# Is SO a strong acid or not

The Equivalence point in an acid-base titration is the point at which a certain amount of acid has been neutralized with the corresponding amount of base. If acids and bases of the same strength are titrated with one another (pKS.(Acid) = pKB.(Base)), the equivalence point in aqueous solution is equal to the neutral point, (the pH value is 7). If, on the other hand, acids and bases of different strengths are titrated with one another, the resulting solution is not neutral at the equivalence point. For example, if a weak acid (e.g. acetic acid, CH3COOH) neutralized with the equivalent amount of a strong base, the pH is finally basic. This is because the acetate ions (CH3COO-), which is the corresponding base of the weak acid CH3Form COOH, now act as a base themselves and are therefore able to H+-Ions to capture, i.e. with H2O to CH3COOH and OH- to react. In the case of multi-protonic acids (e.g. H3PO4 or H2SO4) corresponds to the amount of substance to be added of the base, the amount of substance of the acid times the exponent of the acid-H ions, divided by the exponent of the hydroxide group of the base (formula see below) in order to achieve complete neutralization. The pH value here does not necessarily correspond to 7.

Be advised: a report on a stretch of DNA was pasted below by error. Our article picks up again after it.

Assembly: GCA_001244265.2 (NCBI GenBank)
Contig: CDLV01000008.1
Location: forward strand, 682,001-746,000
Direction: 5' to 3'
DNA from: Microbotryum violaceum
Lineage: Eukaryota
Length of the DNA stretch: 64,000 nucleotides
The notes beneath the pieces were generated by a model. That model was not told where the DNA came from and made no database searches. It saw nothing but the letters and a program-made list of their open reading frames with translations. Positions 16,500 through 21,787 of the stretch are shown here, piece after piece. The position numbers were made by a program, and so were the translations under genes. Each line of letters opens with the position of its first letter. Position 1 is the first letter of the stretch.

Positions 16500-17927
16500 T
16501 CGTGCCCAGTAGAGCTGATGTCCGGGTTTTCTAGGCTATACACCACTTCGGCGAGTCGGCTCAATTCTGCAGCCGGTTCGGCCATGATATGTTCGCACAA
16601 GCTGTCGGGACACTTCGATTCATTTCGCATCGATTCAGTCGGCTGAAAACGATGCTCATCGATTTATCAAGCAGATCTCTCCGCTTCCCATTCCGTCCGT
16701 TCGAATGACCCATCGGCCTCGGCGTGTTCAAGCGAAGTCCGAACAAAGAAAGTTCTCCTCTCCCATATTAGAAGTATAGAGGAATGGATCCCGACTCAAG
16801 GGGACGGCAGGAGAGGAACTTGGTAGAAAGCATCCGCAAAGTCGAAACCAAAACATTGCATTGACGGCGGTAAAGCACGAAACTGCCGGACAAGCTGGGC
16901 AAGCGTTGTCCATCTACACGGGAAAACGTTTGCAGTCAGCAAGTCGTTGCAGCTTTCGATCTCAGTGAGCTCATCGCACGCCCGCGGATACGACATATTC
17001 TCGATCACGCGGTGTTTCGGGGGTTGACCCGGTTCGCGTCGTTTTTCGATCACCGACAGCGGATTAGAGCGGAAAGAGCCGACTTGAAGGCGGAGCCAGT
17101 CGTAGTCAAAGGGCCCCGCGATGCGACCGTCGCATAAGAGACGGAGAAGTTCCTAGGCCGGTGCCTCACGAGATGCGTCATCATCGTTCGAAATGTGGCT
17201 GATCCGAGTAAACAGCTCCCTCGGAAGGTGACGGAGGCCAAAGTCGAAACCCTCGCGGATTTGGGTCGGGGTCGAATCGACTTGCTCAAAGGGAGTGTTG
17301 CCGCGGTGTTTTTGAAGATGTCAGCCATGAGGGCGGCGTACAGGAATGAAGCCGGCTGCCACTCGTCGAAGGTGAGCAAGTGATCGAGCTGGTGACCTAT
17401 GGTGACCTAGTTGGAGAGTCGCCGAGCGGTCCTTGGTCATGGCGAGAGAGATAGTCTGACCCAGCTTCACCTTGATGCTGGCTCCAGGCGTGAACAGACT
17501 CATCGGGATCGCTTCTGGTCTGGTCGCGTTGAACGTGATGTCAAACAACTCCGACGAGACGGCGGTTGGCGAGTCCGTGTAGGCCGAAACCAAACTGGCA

### Examples

More general

Let HxA is any acid, where x is the number of hydrogen ions (H.+) and A- denote the acid residue in the molecule. Let B (OH) y be any base, where y is the number of hydroxide ions (OH-) and B denotes the base residue in the molecule. Regardless of the respective pKS.- and pKB.Values ​​now apply to mutual neutralization in aqueous (!) Solution:

, n: amount of substance of acid, m: amount of substance of base

Thus, with a known acid and base and a known amount of substance of one of the two substances, the amount of substance required for neutralization of the other substance can easily be calculated.